Imagine for a second that you are in your car, on the way to a movie, driving on a one lane street. You are running late and worried you will miss the beginning of the show.
There is a man in a Honda Civic in front of you that is driving 15 MPH below the speed limit. You are getting angry and frustrated. You have your hand on the horn and are getting ready to lay on it.
Imagine that there is the bumper sticker below on the back of the Honda Civic:
Now imagine instead that there is the bumper sticker below on the back of the Honda Civic:
Assume that physiologically you can see and read both. Do you react differently? Does one bumper sticker make you more or less likely to lay on your horn than the other?
Finally, you get to a part of the street that has two lanes. You move over to the left and pass the man in the Honda Civic. Do you floor it, dangerously, and race by him? Do you give him a dirty look as you speed by? Does the likelihood that you speed by him or give that nasty look change if the car has the top bumper sticker or the bottom?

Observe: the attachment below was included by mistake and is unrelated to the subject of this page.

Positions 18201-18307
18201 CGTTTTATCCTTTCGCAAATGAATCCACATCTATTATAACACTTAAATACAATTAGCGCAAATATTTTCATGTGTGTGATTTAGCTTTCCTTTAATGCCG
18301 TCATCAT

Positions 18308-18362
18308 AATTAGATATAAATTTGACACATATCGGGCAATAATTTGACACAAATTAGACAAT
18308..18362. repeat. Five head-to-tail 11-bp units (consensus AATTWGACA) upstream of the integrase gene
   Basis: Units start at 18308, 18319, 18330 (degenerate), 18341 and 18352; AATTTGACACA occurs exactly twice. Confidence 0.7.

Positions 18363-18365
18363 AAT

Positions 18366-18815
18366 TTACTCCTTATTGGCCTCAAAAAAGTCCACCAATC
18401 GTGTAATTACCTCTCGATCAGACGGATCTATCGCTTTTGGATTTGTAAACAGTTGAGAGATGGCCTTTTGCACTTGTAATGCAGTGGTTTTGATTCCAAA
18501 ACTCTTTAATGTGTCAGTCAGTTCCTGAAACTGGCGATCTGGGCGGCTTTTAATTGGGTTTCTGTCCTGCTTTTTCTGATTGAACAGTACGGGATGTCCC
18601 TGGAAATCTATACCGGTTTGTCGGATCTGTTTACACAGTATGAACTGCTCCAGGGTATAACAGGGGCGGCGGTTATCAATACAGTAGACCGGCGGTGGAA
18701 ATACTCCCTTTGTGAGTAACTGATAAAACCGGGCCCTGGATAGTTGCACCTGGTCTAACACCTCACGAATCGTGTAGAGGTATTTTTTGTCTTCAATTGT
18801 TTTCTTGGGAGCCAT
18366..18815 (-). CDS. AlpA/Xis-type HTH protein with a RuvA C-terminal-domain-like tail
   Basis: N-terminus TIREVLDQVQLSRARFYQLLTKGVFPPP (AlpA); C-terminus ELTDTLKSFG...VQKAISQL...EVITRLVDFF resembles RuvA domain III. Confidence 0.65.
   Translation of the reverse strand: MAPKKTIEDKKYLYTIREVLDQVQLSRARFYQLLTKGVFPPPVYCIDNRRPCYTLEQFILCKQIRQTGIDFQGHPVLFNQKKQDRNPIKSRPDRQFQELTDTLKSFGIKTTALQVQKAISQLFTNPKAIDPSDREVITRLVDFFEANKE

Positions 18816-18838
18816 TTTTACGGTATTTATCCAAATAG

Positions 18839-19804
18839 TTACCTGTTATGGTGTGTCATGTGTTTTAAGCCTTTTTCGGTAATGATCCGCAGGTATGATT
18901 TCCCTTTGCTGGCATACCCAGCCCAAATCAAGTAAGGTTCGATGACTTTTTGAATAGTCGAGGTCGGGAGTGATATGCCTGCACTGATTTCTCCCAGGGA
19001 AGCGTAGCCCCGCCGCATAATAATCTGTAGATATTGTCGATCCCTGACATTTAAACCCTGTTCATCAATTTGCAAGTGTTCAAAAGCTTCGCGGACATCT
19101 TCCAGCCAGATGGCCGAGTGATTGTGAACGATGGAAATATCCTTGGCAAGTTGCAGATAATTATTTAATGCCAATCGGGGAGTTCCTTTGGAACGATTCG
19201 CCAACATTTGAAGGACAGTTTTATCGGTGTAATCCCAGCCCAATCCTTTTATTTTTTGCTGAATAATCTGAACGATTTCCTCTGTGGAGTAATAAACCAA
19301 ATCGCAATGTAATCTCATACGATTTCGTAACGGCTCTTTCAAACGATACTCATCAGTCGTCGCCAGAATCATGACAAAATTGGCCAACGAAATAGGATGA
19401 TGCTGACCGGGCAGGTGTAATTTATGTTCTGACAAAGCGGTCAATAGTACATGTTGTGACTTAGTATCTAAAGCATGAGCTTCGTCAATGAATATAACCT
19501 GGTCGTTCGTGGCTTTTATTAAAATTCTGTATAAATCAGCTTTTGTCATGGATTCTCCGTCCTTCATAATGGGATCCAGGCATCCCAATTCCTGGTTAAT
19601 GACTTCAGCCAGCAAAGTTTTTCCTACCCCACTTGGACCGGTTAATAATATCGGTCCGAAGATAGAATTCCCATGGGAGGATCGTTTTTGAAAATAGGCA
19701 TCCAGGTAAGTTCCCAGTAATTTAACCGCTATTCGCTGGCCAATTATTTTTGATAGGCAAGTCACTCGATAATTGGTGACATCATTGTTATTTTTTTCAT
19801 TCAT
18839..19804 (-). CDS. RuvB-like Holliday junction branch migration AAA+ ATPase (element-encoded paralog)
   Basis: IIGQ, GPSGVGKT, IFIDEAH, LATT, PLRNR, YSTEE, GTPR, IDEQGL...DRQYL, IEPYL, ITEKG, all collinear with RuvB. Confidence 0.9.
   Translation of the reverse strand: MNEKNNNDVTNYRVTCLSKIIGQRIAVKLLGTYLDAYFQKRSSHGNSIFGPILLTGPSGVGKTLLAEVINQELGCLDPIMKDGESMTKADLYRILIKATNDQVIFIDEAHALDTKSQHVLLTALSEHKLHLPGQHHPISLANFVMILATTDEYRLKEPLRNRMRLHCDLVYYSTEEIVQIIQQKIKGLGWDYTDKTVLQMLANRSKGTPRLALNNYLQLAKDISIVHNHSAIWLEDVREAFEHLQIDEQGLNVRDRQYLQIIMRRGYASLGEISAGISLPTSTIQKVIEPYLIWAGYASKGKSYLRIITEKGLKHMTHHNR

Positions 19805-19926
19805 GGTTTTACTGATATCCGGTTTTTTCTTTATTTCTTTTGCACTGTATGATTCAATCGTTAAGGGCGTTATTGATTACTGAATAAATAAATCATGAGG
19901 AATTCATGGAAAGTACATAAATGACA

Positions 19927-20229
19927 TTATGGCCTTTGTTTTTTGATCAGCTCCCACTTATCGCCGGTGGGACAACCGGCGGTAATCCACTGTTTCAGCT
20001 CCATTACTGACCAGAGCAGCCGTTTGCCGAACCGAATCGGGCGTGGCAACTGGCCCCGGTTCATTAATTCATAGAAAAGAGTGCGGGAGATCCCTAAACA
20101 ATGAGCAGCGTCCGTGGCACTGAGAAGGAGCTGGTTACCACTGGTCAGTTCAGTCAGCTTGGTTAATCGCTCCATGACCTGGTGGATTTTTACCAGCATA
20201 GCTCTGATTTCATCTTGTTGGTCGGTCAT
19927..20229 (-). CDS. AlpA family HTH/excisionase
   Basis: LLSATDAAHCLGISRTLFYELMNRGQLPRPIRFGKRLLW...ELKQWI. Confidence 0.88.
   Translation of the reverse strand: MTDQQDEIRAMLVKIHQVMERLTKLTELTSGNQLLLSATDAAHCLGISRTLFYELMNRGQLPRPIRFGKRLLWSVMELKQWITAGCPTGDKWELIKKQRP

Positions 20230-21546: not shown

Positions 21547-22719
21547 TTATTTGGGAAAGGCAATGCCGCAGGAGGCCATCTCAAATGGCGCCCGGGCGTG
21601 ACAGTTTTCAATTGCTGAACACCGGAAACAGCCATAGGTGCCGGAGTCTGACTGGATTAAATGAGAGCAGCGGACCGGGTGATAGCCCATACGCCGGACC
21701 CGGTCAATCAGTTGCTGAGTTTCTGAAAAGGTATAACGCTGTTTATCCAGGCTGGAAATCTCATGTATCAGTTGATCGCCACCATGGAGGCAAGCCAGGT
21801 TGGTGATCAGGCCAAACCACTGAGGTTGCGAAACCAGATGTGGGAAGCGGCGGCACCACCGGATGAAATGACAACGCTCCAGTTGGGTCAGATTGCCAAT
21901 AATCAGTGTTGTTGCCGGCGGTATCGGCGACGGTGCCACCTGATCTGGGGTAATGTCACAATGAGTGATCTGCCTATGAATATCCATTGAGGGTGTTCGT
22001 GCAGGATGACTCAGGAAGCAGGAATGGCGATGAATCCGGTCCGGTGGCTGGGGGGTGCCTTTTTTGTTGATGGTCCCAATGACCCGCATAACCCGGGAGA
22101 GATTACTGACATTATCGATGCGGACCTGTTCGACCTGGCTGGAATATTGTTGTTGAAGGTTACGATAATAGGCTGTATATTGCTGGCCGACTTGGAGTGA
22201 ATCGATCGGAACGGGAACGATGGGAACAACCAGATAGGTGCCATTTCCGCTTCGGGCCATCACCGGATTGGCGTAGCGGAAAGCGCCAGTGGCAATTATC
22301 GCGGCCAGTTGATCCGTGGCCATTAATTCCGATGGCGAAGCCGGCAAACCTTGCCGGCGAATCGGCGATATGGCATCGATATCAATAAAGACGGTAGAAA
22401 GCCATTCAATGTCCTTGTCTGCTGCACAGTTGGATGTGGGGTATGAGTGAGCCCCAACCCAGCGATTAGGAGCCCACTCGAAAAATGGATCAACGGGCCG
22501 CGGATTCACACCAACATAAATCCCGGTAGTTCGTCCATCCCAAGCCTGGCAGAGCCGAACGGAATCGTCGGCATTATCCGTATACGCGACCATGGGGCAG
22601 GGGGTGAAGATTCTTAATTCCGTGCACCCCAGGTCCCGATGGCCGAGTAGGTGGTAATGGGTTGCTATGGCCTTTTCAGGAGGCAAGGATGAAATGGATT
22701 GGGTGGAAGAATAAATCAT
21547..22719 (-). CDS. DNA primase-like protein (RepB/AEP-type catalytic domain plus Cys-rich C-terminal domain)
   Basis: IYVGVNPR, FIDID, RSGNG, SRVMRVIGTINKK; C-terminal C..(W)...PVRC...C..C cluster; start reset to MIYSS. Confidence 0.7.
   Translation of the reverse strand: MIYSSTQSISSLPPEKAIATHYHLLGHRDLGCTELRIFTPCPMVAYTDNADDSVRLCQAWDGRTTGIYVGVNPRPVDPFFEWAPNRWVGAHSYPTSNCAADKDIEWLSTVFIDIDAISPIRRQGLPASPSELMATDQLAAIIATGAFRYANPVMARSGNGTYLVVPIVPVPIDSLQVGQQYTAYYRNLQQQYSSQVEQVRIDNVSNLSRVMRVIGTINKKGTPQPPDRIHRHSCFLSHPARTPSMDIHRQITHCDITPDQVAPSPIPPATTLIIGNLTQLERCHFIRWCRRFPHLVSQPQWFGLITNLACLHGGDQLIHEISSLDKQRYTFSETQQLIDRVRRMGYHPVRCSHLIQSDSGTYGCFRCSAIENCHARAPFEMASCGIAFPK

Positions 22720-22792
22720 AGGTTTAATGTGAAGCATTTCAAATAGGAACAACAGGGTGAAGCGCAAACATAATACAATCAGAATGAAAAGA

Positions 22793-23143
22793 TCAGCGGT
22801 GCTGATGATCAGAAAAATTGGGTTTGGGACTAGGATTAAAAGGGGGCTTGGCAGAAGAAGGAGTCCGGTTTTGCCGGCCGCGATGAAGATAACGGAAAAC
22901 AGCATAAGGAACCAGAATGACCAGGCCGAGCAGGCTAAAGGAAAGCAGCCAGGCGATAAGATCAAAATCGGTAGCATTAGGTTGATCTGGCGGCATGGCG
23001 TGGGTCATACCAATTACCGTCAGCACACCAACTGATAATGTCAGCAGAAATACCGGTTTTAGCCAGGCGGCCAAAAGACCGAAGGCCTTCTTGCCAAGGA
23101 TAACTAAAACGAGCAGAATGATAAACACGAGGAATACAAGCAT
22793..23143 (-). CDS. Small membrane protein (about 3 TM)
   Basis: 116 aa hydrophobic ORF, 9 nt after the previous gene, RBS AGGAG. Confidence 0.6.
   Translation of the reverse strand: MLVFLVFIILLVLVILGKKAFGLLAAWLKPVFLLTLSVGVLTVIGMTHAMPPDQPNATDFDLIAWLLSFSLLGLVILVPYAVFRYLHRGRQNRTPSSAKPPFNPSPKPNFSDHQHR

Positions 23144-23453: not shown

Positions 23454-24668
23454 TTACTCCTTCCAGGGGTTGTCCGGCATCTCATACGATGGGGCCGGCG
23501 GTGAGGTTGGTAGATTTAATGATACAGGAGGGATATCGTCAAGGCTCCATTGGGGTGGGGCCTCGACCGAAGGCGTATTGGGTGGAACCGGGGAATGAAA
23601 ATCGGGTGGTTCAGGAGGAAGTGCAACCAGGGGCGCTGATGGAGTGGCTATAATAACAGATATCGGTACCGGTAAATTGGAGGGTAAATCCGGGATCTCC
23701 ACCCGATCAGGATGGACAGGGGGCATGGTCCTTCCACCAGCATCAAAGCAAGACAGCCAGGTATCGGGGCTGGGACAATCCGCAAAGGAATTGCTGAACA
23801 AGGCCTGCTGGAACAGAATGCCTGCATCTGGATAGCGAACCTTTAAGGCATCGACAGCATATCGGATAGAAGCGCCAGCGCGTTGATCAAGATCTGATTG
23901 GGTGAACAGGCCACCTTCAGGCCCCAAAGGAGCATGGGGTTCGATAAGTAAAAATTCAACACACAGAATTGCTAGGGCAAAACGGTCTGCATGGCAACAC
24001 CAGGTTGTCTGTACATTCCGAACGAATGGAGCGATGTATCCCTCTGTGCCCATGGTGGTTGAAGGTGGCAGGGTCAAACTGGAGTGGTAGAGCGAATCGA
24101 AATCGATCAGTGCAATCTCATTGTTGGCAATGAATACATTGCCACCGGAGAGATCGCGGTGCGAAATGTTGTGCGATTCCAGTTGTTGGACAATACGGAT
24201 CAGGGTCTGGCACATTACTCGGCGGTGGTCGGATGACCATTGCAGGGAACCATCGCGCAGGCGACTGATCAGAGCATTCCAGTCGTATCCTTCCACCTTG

I know that I certainly have a charged response to each of those bumper stickers based on my unique set of emotions and biases.
So I wondered, What if instead of letting my emotional feelings dictate my responses (i.e. I beep the horn, speed dangerously, and / or give the dirty look),
I asked myself "What do I not know about this situation?"
In this situation, where I got angry and potentially put my life at risk driving aggressively, like most, there are an infinite number of things I do not know.
Perhaps the first possibility should be:
"Maybe it is not his car."